Finally, the connection between the toxin in the environment and the injury must be shown, and expert scientific, medical, and engineering testimony is usually required to connect the dots. People who bring toxic tort suits against polluters often have to prove that they have, in fact, been injured and that they are not hypochondriacs who are merely imagining some problem that does not actually exist.

If you have been injured from toxic substance exposure and are considering legal action, please contact us for advice and guidance. Given the complexity of such cases, having good legal counsel is vitally important to help you file a legitimate claim, to make sure that you do not miss some deadline for filing your claim, to prepare the necessary legal paperwork, and to help you present your case to the jury.


RVs of all sizes are becoming more and more popular, and, with their increased popularity, they are becoming more and more likely to be involved in accidents on the highways and byways of the country. However, with a little advance planning, you will be able to travel with confidence.

Before you go on a trip in your RV, get together the same kind of basic emergency kit that you would take in your car. The large size of an RV makes warning devices such as flares and deflectors especially important, but also be sure to keep a roadside emergency kit and check the spare tire. Take along a pad of paper to take down information and perhaps a camera to record damage. Don’t forget to keep the RV insured!

Remember, prevention is the best remedy. Make sure you know how to drive the RV, and practice getting a feel for how it handles. Even though you are on vacation, driving an RV is a full time job that requires all of your concentration: Avoid distractions and keep your eyes on the road.

If the worst happens, keep your cool. First, move the RV to a safe place and check for injuries. Call for emergency help if necessary. Remember: If you are traveling outside of the United States, the emergency number may not be 911. Get information from the other driver(s) involved, and take pictures.


Most people are sophisticated enough not to fall for e mail scams written in halting English and promising the recipient enormous riches if only he will help the sender get his money out of Nigeria (or the Balkans, or Iraq, or wherever). Knowing that people are wary of such an obvious scam, many scammers have moved on to a new scheme—the fake check scam.

At its most basic, a fake check scam involves sending a check to an individual and asking the individual to send some money back to the person sending the check. Sometimes, the scammer asks you to cash the check as a “favor” and to keep a percentage of the money for your trouble.

Other scammers pretend to be interested in buying something that you are selling. A check for more than the sales price will be sent to you, along with a request that you send the difference back to the scammer. All fake check scams are the same in that they ask you to send the scammer cash, and because the check you have received will eventually bounce, you will be out the money that you sent to the scammer.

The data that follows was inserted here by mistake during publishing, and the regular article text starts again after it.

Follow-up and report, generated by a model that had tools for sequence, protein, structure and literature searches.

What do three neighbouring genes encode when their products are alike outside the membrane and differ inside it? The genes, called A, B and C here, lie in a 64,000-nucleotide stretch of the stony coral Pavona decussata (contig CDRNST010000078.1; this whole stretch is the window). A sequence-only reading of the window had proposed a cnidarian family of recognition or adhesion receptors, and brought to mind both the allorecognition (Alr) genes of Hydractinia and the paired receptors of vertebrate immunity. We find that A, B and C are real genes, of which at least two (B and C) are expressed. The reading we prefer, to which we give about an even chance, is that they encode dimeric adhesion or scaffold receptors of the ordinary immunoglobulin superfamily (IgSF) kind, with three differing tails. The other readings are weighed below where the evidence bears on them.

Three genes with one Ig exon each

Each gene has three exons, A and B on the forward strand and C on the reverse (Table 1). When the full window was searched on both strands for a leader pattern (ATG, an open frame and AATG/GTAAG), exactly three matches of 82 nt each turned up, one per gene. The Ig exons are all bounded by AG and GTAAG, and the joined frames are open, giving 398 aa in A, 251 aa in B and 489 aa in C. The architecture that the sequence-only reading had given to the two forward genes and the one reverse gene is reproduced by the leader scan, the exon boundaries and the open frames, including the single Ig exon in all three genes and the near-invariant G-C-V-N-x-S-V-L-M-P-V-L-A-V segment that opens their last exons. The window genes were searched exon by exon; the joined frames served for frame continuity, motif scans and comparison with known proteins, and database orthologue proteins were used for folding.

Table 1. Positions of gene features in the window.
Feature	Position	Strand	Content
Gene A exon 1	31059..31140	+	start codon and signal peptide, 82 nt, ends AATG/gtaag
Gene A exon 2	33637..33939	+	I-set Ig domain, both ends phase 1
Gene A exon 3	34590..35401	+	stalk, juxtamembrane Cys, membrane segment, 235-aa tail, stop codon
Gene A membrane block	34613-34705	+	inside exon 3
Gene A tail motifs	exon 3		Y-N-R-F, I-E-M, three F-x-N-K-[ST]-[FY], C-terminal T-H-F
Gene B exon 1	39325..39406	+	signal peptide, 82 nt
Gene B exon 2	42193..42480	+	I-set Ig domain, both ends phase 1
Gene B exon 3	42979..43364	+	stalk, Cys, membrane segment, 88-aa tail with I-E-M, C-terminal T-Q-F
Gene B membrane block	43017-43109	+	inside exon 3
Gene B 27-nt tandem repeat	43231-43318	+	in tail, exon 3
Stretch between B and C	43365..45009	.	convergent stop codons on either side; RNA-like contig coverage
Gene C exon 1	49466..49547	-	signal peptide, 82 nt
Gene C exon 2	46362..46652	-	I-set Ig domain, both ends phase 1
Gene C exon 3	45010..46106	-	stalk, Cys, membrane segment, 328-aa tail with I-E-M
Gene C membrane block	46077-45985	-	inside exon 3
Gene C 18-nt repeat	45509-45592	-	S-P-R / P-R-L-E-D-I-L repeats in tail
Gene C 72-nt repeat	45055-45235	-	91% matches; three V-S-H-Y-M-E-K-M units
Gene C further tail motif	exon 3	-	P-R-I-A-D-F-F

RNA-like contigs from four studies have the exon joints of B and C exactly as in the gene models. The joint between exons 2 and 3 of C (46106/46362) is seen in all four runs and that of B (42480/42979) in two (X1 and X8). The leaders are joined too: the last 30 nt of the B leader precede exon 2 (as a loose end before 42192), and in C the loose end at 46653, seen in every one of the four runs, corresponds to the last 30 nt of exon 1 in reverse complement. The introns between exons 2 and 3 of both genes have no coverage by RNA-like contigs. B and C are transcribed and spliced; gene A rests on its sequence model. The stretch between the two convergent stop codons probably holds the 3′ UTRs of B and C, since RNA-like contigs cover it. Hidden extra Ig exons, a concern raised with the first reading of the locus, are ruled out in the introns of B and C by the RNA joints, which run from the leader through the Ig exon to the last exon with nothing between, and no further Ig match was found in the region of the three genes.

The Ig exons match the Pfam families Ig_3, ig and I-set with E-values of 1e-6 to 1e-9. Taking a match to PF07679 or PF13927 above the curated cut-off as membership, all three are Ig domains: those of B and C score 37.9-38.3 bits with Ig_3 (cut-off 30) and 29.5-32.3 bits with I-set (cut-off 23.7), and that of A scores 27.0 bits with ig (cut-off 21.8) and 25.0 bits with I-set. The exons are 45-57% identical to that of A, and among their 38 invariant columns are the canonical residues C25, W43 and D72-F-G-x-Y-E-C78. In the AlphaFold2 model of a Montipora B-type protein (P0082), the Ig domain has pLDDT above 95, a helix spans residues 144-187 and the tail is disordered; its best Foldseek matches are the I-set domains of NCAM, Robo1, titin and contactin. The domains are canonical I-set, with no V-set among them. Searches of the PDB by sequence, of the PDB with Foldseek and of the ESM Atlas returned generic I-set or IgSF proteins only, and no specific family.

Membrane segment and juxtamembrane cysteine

Fake check scams are tied to all kinds of different situations: foreign business offers, offers to become a “mystery shopper,” overpayment schemes, work at home ploys, etc. All of the scams play on the victim’s greed—the idea that you can get something for nothing, or a large payment for minimal work. All of them take advantage of the fact that banks give credit for deposited checks very quickly (usually within five days) but it can be weeks or months before a counterfeit check is discovered. Average losses are $3,000 to $4,000 per victim, but losses in any given case may be much higher.

Protect yourself. Understand that there is rarely, if ever, a legitimate reason for a person to send you a check or money order and ask you to send cash back. The fact that the check is credited to your account in the first instance does not mean that it will not eventually bounce, leaving you stuck with the bill.

Don’t respond to such scammers, don’t cash checks for people you don’t know, and don’t send cash to anyone you don’t know well enough to trust. If you have been victimized, file a police report. Most importantly, remember: There is no such thing as a free lunch.


Earlier this year, a jury returned a large verdict in favor of a local musician who became paralyzed from diving into an underfilled swimming pool at an apartment complex.

The musician was attending a party with friends at the complex. The partygoers were drinking, and they began to roughhouse around the complex’s pool. The musician dove into a part of the pool that was supposed to be 4 to 4 1/2 feet deep, but the pool was underfilled, and the water was only 2 1/2 to 3 feet deep. Because of the lack of sufficient water, the musician hit the bottom of the pool and was rendered quadriplegic.

At trial, the jury heard evidence that the apartment complex had been negligent. Management at the complex knew that the water level in the pool had dropped but, despite this knowledge, it did not obey a law requiring that the pool be closed. The jury also heard evidence that the management allowed alcohol to be consumed at the pool but did nothing to plan for the risks of drinking and swimming. Other evidence was presented that the musician was drunk when he was injured and that the pool had “no diving” signs posted.

Taking into account the musician’s responsibility for his own injuries, the jury found that the apartment complex was 51% responsible and the musician was 49% responsible. Based on evidence of the devastating effect that the injuries had on the musician, he was awarded $6.2 million.